Carrie Yang ,  Assistant Vice President, Financial Services Group, Professional Risk Solutions, Aon

As an Assistant Vice President in Aon’s cyber insurance broking team, I serve as a risk management consultant and advocate for our domestic and international clients, helping them obtain the best cyber insurance coverage for their budget and ensuring policies work in the event of claims. I am also the US-Asia Cyber Liaison, supporting the Aon Asia team in developing new cyber opportunities across Asia.

I joined Aon’s Shanghai office in 2004 after graduate school and worked on various lines of insurance. In 2015 I moved to the Cyber and Errors and Omissions (E&O) team, specializing in Network Security & Privacy Liability insurance and E&O insurance.

Cyber is the sexiest insurance in the industry right now. Companies globally are dealing with cyber risk every day and it will be a growing concern for the foreseeable future. Emerging insurance areas are exciting because, as a broker, there are new risks to contemplate when improving terms and conditions for clients and the products can be more innovative. For example, I was heavily involved in drafting the Aon Cyber Enterprise SolutionTM Policy, the first in the market to provide property damage as a result of a cyber incident and product liability coverage for IoT devices.

In two years in the cyber group, I’ve seen a significant improvement in the gender imbalance within my group and in my clients’ technical teams. Before I joined the group, there was only one female broker but now 40 percent of brokers on the team are women, including two in leadership positions. In my clients’ organizations, 30 to 40 percent of the Chief Information Security Officers (CISOs) I speak with are women. I attribute this positive trend to schools and organizations inspiring women, and successful industry role models sharing their experiences.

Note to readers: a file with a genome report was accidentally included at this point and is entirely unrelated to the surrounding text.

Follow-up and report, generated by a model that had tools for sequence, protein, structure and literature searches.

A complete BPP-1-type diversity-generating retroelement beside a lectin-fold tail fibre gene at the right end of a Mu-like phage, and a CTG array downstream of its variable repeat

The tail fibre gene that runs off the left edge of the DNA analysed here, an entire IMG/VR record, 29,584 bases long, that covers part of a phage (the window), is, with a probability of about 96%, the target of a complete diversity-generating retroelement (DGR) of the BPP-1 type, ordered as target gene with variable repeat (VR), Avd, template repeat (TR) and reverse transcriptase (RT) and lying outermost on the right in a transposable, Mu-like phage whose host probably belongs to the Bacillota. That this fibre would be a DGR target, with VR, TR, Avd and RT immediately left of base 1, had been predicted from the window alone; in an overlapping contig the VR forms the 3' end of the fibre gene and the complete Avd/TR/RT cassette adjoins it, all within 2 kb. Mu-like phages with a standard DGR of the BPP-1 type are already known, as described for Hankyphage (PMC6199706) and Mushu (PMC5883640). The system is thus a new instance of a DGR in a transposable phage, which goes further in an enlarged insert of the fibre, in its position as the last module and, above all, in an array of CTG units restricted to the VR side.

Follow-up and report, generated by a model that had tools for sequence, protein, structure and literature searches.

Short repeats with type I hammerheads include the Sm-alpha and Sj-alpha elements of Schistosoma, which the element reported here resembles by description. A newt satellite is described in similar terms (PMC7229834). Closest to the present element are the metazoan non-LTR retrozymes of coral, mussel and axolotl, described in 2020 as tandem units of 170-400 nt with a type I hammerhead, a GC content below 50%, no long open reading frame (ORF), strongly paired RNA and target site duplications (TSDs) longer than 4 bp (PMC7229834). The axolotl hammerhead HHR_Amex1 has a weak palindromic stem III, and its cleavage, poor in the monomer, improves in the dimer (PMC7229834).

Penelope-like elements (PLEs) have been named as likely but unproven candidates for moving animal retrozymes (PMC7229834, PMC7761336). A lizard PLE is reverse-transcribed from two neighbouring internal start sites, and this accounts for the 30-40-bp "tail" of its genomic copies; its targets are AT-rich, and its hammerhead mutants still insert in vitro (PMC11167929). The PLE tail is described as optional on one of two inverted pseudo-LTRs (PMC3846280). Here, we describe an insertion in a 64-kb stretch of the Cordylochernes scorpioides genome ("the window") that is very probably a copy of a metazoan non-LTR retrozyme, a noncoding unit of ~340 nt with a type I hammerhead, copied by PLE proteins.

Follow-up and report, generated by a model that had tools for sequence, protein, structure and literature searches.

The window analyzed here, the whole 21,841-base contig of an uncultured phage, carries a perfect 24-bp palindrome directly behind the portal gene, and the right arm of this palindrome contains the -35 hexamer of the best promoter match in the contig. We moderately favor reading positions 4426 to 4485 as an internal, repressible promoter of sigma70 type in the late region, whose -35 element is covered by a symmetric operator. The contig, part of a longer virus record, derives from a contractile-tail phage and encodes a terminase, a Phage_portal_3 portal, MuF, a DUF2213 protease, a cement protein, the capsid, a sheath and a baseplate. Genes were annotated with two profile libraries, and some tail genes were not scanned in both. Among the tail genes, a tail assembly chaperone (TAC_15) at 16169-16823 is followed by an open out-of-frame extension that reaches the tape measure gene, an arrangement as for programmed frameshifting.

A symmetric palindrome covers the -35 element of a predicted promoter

It’s important that we continue to challenge stereotypes and perceptions about certain professions being characteristically male or female. Men and women bring different valuable perspectives to the table and that diversity and equality is needed to reach the best outcomes. In Chinese culture, we like to break down things into two sides, Yin and Yang. They represent opposing concepts, yet are complementary; when the two forces combine, it drives the best results.

My advice to women looking to pursue a career in STEM is to not be afraid of the changes that come with new opportunities. With each change in my career came a steep learning curve, which motivated me to move forward and sharpen my professional skills. It is this variety of experience in a career that will one day allow you to connect all the dots and amass skills needed to be even more successful.

Legal

Our lawyers don’t want to miss out on the fun and would like you to know that all of the posts are the opinions of the individual authors and don’t necessarily reflect the opinions or positions of Stroz Friedberg. The ideas and strategies discussed herein may not be appropriate for any one reader’s situation and are not meant to be construed as advice.

Professionals

Commentary, new discoveries, and innovative ideas
right to your inbox.

Stroz Friedberg

Sorry! You are using an older browser which is not supported by this website.

Please download one of these free browsers to enjoy all our website has to offer:
Firefox, Chrome or Internet Explorer.